Nonwhite, Disadvantaged Patients Feel Less Respected, Survey Says
Nonwhite, low-income, and uninsured patients are less likely to report being treated with respect, a recent survey published online November 27 in JAMA Network Open has revealed.
These patients were also “more likely to view health care professionals’ knowledge of culture as important, which highlights deficiencies in providing access to culturally appropriate care for these populations,” write Lynn A. Blewett, PhD, from the University of Minnesota School of Public Health, Minneapolis, and colleagues.
Cultural competence plays a key role in addressing racial and ethnic disparities in healthcare.
However, patients’ opinions of the competency of their healthcare professionals remain incompletely investigated.
To help close this gap, the Office of the Assistant Secretary for Health’s Office of Minority Health and Health Equity sponsored the addition of five new cultural competency questions to the 2017 National Health Interview Survey.
The researchers used these questions to examine patients’ experiences with their clinicians with respect to cultural competence.
The survey sample population comprised 22,864 adults aged 18 years or older who had seen a clinician in the past year.
Of the 22,864 respondents, 64.4% (n = 14,724) identified as white (non-Hispanic).
In response to three of the five cultural competency questions, most patients reported that clinicians “always” or “most of the time” treated them with respect (96.6%); gave them information that was easy to understand (91.8%); and asked their opinions or beliefs about care (58.5%).
In addition, almost one half of respondents indicated that it was “very,” “somewhat,” or “slightly” important for their clinicians to understand or share similar cultural characteristics (48.5%).
Of these 10,526 respondents, more than two thirds were able to “always” or “most of the time” see culturally similar providers (70.2%).
When the researchers adjusted the data by respondents’ sociodemographic characteristics, they found that, compared with non-Hispanic white patients (n = 16,276), nonwhite patients (n = 6333) were significantly less likely to report that clinicians treated them with respect “always” or “most of the time” (P ≤ .01).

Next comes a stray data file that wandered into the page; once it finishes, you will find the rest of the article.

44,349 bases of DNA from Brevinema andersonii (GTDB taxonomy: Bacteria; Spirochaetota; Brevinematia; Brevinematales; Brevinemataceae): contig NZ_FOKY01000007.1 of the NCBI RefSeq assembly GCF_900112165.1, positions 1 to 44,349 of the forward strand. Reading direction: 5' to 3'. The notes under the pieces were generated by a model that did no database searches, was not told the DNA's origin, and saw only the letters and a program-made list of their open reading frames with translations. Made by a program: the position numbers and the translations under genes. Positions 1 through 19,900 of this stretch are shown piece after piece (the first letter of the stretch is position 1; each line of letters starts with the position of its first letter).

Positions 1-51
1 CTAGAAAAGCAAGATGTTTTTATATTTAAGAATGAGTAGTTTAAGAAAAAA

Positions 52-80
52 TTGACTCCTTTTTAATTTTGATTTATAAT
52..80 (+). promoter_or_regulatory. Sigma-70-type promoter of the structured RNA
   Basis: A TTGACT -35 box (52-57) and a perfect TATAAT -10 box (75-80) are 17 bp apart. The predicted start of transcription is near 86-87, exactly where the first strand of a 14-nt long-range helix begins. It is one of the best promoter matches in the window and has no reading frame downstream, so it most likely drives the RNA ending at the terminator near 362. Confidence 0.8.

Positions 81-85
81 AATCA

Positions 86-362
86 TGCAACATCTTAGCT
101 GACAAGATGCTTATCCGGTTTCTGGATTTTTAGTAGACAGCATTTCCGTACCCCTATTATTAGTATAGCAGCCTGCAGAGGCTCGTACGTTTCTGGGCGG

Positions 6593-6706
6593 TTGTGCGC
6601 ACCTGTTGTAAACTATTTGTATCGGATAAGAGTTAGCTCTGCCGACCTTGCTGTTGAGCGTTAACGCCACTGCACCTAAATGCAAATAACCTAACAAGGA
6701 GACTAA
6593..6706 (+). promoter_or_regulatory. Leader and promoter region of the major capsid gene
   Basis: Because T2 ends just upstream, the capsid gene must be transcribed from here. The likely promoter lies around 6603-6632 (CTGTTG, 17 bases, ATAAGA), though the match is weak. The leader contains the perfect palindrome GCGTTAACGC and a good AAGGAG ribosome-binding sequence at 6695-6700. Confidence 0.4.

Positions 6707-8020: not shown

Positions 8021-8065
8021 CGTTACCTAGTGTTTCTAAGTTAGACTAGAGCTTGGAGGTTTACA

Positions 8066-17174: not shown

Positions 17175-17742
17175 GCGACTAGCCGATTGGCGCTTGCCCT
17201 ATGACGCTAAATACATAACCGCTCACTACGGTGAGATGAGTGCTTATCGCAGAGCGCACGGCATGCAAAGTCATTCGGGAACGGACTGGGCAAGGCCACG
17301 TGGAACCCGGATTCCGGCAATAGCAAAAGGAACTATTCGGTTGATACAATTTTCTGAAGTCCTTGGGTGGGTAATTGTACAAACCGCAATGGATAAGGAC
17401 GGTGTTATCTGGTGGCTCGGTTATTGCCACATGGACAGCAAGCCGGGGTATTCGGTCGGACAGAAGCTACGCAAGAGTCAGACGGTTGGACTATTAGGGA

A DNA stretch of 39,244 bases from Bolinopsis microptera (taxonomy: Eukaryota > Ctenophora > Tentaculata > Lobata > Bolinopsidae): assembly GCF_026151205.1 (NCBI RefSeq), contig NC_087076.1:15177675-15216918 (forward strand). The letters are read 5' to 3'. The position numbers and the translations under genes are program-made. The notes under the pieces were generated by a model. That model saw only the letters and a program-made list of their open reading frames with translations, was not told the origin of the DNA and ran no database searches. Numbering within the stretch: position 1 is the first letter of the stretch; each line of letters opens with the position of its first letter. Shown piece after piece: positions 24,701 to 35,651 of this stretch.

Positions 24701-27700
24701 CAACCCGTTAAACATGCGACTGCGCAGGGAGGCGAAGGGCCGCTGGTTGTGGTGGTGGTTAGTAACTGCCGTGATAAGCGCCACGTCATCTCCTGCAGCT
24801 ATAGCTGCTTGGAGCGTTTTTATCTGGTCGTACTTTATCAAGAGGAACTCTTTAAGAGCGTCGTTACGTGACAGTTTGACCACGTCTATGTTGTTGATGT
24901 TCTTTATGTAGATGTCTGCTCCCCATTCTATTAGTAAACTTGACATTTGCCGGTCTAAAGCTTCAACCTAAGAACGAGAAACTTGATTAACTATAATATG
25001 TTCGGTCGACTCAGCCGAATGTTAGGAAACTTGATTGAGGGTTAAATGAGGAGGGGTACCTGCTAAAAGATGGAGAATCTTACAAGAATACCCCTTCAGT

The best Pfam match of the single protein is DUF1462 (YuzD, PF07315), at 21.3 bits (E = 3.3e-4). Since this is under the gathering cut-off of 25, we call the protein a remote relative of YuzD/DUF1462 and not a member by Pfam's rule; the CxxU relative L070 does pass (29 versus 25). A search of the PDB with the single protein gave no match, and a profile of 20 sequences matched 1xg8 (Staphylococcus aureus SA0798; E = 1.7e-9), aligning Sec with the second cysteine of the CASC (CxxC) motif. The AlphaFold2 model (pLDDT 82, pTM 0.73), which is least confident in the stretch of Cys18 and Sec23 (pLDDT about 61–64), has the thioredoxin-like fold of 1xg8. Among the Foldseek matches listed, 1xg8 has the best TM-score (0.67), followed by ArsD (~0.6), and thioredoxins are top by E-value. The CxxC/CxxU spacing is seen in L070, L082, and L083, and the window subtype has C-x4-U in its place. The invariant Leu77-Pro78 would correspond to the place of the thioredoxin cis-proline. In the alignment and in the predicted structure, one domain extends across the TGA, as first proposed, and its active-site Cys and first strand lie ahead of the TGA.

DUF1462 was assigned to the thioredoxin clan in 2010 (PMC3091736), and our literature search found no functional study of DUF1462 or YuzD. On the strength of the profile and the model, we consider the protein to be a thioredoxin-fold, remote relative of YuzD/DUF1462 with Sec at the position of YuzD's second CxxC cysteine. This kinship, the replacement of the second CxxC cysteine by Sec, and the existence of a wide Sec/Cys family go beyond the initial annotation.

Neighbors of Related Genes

Similarly, compared with insured (n = 21,225) and higher-income (n = 15,086) respondents, significantly fewer uninsured (n = 1330) and low-income (n = 6518) patients indicated that they were “always” or “most of the time” treated with respect (P ≤ .003 for all comparisons).
Compared with respondents who identified as non-Hispanic whites (n = 16,232), were insured (n = 21,157), or had a higher income (n = 15,056), patients who were nonwhite (n = 6308), uninsured (n = 1329), and had low income (n = 6491) were also significantly more likely to view clinicians’ knowledge of culture as “very” or “somewhat” important (P < .001 for all comparisons).
However, patients who were nonwhite (n = 3756), uninsured (n = 734), and had low income (n = 3395) were also significantly less likely than those who identified as non-Hispanic whites (n = 6646), were insured (n = 9638), and had a higher income (n = 6538) to be able to “always” or “most of the time” see culturally similar providers (P < .001 for all comparisons).
Although the study was limited by its cross-sectional nature and was restricted to patients who had visited a healthcare professional in the past year, the findings highlight the need to reduce health disparities and improve health equity for patients.
“Medical schools should consider improving the pipeline of diverse health care professionals and increasing efforts to eliminate structural racism that persists in the health care delivery system,” Blewett and colleagues conclude.
One author reports having received a grant from the National Institutes of Child Health and Human Development during the conduct of the study. The remaining authors have reported no relevant financial relationships.
JAMA Netw Open. Published online November 27, 2019. Full text